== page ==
Sunday marks the end of the smelt season at Baker’s Smelt Camp in Pittston — just three days before the U.S. Coast Guard is expected to start its second ice-breaking mission on the Kennebec River this year.

But camp owner Richard Potter said Friday he’s not sure whether the cutters will be able to make much headway.

“We still have 32 inches down here,” Potter said. Out in the channel of the river, he said, the ice is about 22 inches thick.

With the ice breakers coming up the river again, Potter said he doubts the river will refreeze, and he’ll be pulling his 30 shacks from the river, as he did in mid-January when the ice jam moved through and at the end of the month when the ice breakers made their first trip up the river. This time, he’s be storing them for the season, which is ending a few weeks earlier than usual.

“We probably could have stayed out till the 5th or the 10th (of March), but it’s not worth taking the chance,” he said.

Even as Potter is making plans to end his season, the Coast Guard coordinated with federal, state and local agencies Friday via conference call to work out the logistics of its plan to break the ice next week on the Kennebec and Penobscot rivers.

The USCGC Shackle, deployed for assessment on the river, broke some ice on Thursday. The crew reported Friday that south of Chops Point in Woolwich the water was clearing well.

The tug progressed as far as Abagadasset Point in Bowdoinham before it lost the tide and had to turn back, but the crew noted signs that the river ice starting to degrade and rot and slabs of ice are starting to break free and flow downriver, as well as stretches of open water.

That’s a good sign, Kennebec County Emergency Management Director Sean Goodwin said Friday morning. Before sending the 140-foot ice breaker north of Richmond, the Coast Guard has asked the U.S. Geological Survey to make ice measurements just north of the Maine Kennebec Bridge, which connects Richmond and Dresden, and just south of Gardiner. The ice on that stretch of the river has been undisturbed this winter. That will help determine how long the ice-breaking operation might take.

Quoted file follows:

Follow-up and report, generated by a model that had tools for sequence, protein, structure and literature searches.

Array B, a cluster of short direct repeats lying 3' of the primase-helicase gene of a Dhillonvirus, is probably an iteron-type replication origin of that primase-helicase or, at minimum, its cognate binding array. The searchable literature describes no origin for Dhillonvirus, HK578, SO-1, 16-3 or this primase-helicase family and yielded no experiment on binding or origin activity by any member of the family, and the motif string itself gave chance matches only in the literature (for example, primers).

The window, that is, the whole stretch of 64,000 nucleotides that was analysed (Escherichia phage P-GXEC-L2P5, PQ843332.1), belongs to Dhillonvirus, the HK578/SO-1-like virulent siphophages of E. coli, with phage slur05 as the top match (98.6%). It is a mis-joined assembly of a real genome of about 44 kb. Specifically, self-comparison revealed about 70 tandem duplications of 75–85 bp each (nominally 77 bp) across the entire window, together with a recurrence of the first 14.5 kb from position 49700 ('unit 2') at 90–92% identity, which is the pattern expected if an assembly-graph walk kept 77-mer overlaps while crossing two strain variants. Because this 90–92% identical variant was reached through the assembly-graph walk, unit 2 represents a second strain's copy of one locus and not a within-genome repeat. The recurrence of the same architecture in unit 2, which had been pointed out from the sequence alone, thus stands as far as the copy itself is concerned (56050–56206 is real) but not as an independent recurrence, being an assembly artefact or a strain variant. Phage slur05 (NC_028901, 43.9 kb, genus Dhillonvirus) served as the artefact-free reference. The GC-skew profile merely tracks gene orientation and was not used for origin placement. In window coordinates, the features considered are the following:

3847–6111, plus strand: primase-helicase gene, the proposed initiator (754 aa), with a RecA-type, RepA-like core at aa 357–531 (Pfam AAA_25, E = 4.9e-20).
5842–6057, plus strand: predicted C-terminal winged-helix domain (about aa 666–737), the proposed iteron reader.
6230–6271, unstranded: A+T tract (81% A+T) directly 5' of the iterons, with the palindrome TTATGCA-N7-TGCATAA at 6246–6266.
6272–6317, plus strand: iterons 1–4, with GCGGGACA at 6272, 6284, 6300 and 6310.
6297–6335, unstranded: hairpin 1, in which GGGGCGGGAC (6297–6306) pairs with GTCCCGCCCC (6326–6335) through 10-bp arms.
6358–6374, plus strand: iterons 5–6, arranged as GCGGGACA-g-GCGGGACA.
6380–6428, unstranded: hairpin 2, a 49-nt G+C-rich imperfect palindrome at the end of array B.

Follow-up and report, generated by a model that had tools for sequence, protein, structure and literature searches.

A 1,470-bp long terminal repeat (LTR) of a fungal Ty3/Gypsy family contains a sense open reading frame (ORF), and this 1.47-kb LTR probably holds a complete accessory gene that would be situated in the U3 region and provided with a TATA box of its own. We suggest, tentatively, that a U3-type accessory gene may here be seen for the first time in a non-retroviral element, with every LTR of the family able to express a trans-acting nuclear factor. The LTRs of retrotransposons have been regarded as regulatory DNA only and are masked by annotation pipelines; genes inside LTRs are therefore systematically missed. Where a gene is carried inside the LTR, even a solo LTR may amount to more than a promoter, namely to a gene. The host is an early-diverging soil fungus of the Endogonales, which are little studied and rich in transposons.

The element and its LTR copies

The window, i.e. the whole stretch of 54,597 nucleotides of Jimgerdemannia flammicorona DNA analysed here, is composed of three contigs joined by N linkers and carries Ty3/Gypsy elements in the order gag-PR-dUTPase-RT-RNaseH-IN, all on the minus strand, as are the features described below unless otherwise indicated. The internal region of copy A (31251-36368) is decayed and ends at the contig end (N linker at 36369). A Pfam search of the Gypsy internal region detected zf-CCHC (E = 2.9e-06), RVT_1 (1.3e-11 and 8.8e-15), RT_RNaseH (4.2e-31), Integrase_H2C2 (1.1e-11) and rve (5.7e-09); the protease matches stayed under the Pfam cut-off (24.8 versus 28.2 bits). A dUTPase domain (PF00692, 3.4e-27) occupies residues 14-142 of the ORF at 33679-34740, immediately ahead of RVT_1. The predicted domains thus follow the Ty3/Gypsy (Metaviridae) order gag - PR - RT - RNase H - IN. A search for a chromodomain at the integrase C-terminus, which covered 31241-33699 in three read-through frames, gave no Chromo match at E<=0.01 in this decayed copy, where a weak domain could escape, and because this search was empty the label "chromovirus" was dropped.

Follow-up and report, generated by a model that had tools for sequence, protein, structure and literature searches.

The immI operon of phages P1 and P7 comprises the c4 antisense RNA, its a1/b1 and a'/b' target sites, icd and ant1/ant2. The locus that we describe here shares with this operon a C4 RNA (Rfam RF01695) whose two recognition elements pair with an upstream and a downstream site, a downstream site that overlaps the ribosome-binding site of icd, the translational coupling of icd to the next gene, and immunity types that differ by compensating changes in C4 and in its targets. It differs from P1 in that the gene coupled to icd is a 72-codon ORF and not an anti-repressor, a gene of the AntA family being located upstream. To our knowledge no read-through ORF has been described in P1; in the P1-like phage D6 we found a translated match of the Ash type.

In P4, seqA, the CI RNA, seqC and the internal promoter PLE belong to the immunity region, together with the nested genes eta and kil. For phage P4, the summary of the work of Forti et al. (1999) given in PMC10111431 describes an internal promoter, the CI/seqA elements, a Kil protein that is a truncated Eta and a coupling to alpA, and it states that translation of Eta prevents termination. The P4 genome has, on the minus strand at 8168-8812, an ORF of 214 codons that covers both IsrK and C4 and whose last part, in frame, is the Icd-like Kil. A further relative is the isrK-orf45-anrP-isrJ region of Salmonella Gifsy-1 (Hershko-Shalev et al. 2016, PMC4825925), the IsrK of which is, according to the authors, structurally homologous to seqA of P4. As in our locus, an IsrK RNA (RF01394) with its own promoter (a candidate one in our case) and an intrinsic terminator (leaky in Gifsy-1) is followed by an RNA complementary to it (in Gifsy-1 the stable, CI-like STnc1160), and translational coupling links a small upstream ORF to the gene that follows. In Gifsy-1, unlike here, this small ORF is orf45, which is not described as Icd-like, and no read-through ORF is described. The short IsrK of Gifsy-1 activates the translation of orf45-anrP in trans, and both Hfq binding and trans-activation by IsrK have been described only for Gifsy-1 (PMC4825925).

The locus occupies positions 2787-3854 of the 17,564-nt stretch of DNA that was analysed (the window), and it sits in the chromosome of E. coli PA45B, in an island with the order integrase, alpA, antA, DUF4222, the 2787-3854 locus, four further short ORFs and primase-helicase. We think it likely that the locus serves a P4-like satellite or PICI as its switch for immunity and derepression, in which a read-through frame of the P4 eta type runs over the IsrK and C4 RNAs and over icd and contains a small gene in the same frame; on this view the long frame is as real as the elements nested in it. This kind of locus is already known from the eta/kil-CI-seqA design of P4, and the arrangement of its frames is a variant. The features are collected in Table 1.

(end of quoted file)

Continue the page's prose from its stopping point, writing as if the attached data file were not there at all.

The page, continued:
An aerial survey by the Coast Guard shows where its larger ice-breaking ship reached in January before the operation was suspended. But north of Richmond the ice appears more solid.

Goodwin said Friday he plans to visit Worthing’s Smelt Camp in Randolph and Baker’s to let them know about the pending ice breaking operation so they can pull in their shacks. He said he also plans to contact Foggy Bottom, the campground and marina Farmingdale. While it is closed and has nothing in the water now, it has equipment near the riverbank, he said.

At Baker’s in Pittston, Potter said winters seem to run in cycles. In 2008, they had to pull the shacks off the ice a couple of times. Last year was great for smelt fishing, but the year before was the first time in 40 years they didn’t put out the camps.

“It’s quite bit of work to pull the camps,” he said. “It takes six or eight or 10 people to do it.”

Record-breaking warm weather Wednesday brought melting of ice and snow, but no new concerns about flooding in the Kennebec River.

Officials in communities along the river have been monitoring an ice jam between Hallowell and Farmingdale that formed about six weeks ago, when a brief warm-up and heavy rainfall loosened the river ice and sent chunks and slabs of it downstream, where it’s been lodged ever since.

The destructive jam flooded a stretch of downtown Hallowell, stranded cars in the rising water and prompted Augusta officials to close off Front Street in that city to parking until the flooding threat abated.

The ice jam also prompted the unprecedented request to the U.S. Coast Guard to launch an early ice-breaking operation at the end of January. That effort was called off at Richmond because the ice was too thick for the ships to break.

Jessica Lowell — 621-5632

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Twitter: @JLowellKJ